Shortly before 9 p.m., my interpreter colleague asks Rasha how she feels about tomorrow’s field trip. Tomorrow, for the first time in seven months, Rasha will leave the refugee center for few hours to visit the local zoo a mere 50 kilometers away. Rasha stops and swiftly cuts Alla’s birthday party short.

At 9 p.m., an hour earlier than her usual stay in the Child Friendly Space, Rasha sees off all the children, packs up her things, hugs me good-night, and goes back to her family.

Upside-Down Childhood

Being a refugee child is tough. You have to accept the abnormal as your normal.

The morning hygiene routine is done in reverse. You wake up in your “home”—a simple container unit with only bunk beds and harsh grey blankets. You dress, get your things, and then you go to the bathroom.

The bathroom is another container unit about 100 meters away accessible via an open-air gravel path. You wash with cold water and comb your hair without a mirror.

If donations are available, you get a change of clothes. Otherwise, you put on your old clothes. Some days, you have to wait in your container home until your single change of clothes, which your mom hand-washed with cold water the night before, dries.

Your meals are distributed per family with coupons your family acquired only the day before. You don’t get to say what you want to eat. It’s decided for you by people who don’t know you.

Your parents don’t take you to school or to activities. You walk alone inside a fenced compound to a semblance of a school in a semblance of a classroom, taught by teachers whose only qualification is that they speak your native language.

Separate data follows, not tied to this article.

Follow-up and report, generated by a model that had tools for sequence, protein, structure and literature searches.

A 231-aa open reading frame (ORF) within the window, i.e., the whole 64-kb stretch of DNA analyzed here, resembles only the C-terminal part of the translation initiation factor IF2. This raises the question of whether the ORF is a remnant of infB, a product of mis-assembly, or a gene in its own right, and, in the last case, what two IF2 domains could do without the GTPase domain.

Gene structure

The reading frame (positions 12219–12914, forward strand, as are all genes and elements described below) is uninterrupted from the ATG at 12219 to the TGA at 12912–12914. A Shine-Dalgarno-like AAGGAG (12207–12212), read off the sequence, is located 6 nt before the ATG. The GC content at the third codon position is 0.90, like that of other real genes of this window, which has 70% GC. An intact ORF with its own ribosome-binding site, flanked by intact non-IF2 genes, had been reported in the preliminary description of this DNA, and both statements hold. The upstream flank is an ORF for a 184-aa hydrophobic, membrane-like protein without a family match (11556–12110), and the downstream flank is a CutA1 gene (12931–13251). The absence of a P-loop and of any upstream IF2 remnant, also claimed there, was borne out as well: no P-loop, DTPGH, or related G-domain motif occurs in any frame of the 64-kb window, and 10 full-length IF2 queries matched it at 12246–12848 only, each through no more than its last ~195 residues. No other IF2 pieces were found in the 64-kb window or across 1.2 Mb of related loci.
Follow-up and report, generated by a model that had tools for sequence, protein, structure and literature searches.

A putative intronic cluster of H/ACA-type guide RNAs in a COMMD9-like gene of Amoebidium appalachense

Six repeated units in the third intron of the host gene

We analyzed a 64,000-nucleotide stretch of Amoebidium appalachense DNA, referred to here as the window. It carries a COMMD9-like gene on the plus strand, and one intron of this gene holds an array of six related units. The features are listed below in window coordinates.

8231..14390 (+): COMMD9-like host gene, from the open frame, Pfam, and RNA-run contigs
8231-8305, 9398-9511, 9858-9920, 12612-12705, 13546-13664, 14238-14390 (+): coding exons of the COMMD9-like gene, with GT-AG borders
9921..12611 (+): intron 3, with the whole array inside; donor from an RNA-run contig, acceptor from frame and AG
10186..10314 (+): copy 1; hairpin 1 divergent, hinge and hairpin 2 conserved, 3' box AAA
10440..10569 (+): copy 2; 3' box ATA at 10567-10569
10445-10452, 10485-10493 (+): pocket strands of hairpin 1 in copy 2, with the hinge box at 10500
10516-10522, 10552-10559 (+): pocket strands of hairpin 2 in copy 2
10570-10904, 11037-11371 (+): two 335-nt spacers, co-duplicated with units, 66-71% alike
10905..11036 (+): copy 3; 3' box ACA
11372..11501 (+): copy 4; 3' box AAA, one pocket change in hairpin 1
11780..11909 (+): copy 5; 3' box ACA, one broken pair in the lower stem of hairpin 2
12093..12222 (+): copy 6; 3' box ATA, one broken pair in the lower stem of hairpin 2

You spend the rest of your time with people like me who desperately try to give you some experiences of a normal childhood.

A Loving Home for Every Child

When you are a refugee child, everything—food, clothes, shoes, knowledge, games—everything you have is chosen by people who don’t know you.

When you are a refugee child, your life is organized inside a fenced and guarded compound, which you can leave only if someone spent weeks getting permissions to take you to the zoo.

When you are a refugee child, your parents are marginal, not by choice, but by circumstance.

I often meet Rasha’s mom. She speaks a few words of English and we exchange pleasantries. She seems thankful for the joy Rasha finds in the Child Friendly Space. I meet her dad as well. He comes over and looks at his daughter through the window, seeming reluctant to interrupt the fun is having. Whenever I see his mellow, fatherly, loving glance, I make up an excuse to go to our little storage room and cry my eyes out.

I love being part of Rasha’s life. I love her short hugs and quiet giggles. I love and feel honored that she let me be part of her childhood. But...

I hope the borders open. I hope Rasha gets to have a regular childhood—full of freedom and choices and mischief, like I had. And I hope that soon I will not be a part of this girl’s life. I will miss her very much, but she deserves the normal childhood I, and you, once had.

For privacy reasons, the name of the child is changed and the location is withheld.